Examining the Effectiveness of Talk Partners and Peer Tutoring

Researcher: L Jones and C Sibert- Dursley C of E Primary Academy
Context: Year 5/6 and Y 3/4 Mathematics.
Desired Outcomes: Pupils to develop a level of competency in supporting peers with learning. Pupils to make progress in terms of reasoning and problem solving through talking about their learning and explaining it to someone else.


Method 1:
Conduct observations of cooperative pairs, making detailed notes about how they interact, the impact on attitude and learning.

Method 2:
Interview pupils and complete a questionnaire exploring the following questions.
1. What do you think makes a good peer tutor?
2. Do you prefer to get feedback from teachers or peers?- why?
3. How does tutoring a peer help you?

Method 3:
Set up cooperative learning exercises and have class discussions- this is to be video-recorded and analysed.

End of Action research evaluation:
Repeat interview and observations.


Through my initial observations, it became clear that although pupils enjoyed talk partners, the quality of talk was not apparent. Pupils often spent the least amount of time discussing the task and the majority talking about unrelated matters. Most pupils did not use correct maths language in their discussions, which led to very basic, vague responses resulting in confusion amongst peers. Pupils found it difficult to verbalise their thought process; they knew how to reach the answer but found it hard to convey this to someone else in a way they understood. Pupils did not feel compelled to use equipment or pictorial methods to support another pupil, believing this was ‘something we do in key stage one’. A key issue was the lack of resilience in a number of pupils which led them to give up when the challenge level surpassed what they believed to be their ‘level’ which made it hard for the talk partner to engage.

After the initial observations, I carried out a series of actions to prepare the children for group work.

We began discussions based on what was helpful and unhelpful when working in a group. Many children thought group work benefitted them in many ways, as they were able to encourage each other and support one another by sharing different approaches to complete tasks. However, there were several comments that showed a more negative outlook towards group work. They did not feel it was helpful when other children made comments such as “I’m better than you”, and that they felt under pressure to work within time constraints. They also commented that the working atmosphere was often too noisy and distracting which meant they could not work effectively as a team. Some children mentioned that members of the class would dominate group tasks and not accept ideas from the rest of the team, which led to arguments, and feelings of isolations amongst the group.

As a result of this discussion, we looked into an approach to developing cooperation within a group using the ‘broken circles’ activity adapted from ‘broken squares by Dr Alex Bavelas (https://web.stanford.edu/class/ed284/csb/Broken/BC&Stext.doc ). The purpose of the activity was to develop pupils’ sensitivity to the needs of others within a group. They needed some guidance and training in how to understand and respond other people’s needs as well as the need to work together effectively to achieve a shared goal. The task involved them working without speaking or gesticulating to create their own circles from the pieces they were given. This required them to be actively aware of each group member and what they needed or could provide for the group to be successful. Some groups of children found the task to be quite a challenge, especially in Y3/4, as they could not think beyond themselves and consider what other pupils needed. Others found it challenging not to dominate or lead the group through verbal or physical means. However, some groups were successful in completing full circles because of good non-verbal communication and proactively looking at every member’s pieces to find the missing link.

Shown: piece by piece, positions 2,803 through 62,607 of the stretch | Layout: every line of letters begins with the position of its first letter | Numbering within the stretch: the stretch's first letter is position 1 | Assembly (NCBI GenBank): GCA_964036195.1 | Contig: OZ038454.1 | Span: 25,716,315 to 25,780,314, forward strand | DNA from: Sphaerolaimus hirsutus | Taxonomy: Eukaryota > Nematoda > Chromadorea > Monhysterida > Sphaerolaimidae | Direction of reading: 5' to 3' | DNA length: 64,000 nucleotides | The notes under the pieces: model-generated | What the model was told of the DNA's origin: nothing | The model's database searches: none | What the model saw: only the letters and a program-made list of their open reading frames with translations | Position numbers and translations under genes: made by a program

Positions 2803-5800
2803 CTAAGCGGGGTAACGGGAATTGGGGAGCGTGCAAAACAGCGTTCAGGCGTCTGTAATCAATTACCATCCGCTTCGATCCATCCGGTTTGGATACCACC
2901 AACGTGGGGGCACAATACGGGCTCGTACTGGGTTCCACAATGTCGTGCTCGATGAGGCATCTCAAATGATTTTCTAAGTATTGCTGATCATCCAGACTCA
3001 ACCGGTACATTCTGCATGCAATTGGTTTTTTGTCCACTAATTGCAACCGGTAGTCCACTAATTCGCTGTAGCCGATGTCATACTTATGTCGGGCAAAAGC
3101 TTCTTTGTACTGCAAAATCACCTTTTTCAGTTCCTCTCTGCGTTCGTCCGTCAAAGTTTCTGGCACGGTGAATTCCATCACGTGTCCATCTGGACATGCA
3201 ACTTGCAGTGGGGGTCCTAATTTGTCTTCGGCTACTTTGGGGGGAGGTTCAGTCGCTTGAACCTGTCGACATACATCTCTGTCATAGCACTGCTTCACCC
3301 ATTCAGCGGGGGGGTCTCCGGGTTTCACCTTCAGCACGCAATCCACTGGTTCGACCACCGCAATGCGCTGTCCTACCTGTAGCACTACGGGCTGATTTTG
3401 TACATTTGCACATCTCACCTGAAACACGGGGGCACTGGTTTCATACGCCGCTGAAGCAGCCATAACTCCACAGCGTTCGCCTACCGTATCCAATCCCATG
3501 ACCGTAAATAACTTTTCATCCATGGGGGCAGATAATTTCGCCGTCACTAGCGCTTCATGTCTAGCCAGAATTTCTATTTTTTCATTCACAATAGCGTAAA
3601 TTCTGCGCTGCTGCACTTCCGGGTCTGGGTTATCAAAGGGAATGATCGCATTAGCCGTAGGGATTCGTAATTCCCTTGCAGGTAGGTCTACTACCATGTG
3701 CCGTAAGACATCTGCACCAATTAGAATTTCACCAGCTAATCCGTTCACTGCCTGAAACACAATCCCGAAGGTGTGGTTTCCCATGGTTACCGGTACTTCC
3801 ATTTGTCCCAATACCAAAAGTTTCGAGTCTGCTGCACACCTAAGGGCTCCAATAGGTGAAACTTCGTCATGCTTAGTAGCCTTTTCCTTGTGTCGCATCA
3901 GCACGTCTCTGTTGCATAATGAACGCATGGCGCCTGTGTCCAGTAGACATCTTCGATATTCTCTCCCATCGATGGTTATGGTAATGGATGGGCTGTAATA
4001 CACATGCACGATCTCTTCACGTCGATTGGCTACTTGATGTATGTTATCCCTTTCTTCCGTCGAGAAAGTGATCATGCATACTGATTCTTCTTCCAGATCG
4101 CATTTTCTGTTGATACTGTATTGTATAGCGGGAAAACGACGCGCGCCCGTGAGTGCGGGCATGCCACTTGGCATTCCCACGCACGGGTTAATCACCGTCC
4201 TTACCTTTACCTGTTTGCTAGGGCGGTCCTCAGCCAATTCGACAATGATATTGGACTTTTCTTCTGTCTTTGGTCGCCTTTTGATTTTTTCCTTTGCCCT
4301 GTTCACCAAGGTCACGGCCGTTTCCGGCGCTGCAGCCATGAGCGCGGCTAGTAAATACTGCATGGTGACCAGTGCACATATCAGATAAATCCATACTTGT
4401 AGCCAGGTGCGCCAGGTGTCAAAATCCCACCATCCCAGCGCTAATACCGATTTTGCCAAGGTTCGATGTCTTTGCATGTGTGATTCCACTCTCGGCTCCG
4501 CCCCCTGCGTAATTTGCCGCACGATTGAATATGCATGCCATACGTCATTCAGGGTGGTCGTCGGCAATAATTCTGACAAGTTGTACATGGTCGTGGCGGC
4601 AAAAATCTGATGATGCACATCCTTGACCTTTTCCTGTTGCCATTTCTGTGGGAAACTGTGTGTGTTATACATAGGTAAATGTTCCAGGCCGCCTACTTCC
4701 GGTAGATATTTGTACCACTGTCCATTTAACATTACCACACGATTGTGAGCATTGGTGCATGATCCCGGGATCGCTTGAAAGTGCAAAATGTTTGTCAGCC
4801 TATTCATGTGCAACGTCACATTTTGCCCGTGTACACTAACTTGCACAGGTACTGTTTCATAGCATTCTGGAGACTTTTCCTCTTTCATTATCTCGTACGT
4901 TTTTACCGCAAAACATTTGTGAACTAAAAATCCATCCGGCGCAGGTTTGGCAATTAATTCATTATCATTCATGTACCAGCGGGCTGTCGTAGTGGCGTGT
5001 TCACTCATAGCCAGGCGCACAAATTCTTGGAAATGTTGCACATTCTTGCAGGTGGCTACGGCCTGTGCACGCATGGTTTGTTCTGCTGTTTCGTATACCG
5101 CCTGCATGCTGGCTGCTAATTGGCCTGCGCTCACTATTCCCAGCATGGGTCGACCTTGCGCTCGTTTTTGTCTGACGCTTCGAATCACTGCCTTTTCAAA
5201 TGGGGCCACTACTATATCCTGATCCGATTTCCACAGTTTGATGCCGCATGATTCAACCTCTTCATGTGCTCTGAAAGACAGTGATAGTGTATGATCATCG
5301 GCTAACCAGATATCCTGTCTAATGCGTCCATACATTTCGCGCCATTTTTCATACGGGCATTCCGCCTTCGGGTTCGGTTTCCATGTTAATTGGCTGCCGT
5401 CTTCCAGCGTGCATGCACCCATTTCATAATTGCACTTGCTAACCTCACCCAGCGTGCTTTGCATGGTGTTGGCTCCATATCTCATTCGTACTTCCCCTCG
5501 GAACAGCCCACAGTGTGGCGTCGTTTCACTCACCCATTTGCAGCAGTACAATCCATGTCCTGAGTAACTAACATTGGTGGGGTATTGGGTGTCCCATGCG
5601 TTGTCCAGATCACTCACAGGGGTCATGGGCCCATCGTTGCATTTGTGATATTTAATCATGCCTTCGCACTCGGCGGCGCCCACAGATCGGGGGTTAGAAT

Pupils completed evaluations of the task that were analysed. The results were as follows:
• They needed good communication- not only speech, but also eye contact, patience, listening and awareness.
• They needed to be aware of the needs of other people in order to support them.
• They became aware that they couldn’t leave anyone behind, they needed to support every member of the group for the group to be successful.
• Learnt that effective groups shared the workload; Everyone was important in equal measure, no dominating.
After the cooperative learning activity, we modelled good talk partners to the children and classes discussed all the ways they could support their tutee in developing skills and understanding. We introduced ‘maths help desks’ which we actively encouraged them to use when acting as a peer tutor. We adopted the C3B4Me approach whereby pupils were encouraged to exercise autonomy in seeking support from the book, board and buddy before seeing the adult.

Pupils are now intuitively seeking support from their peer tutor without prompting, recognising the value of talking through their methods. Pupils are more equipped to accurately explain their thinking using a variety of tools such as place value counters, base 10 and pictorial representations which then support their peer’s understanding of the concept. Pupils are more enthusiastic about group work and because of this, their mindset has improved and motivation has increased. Pupils are making good progress in reasoning and problem solving as they are more practised in explaining their thinking to someone else.

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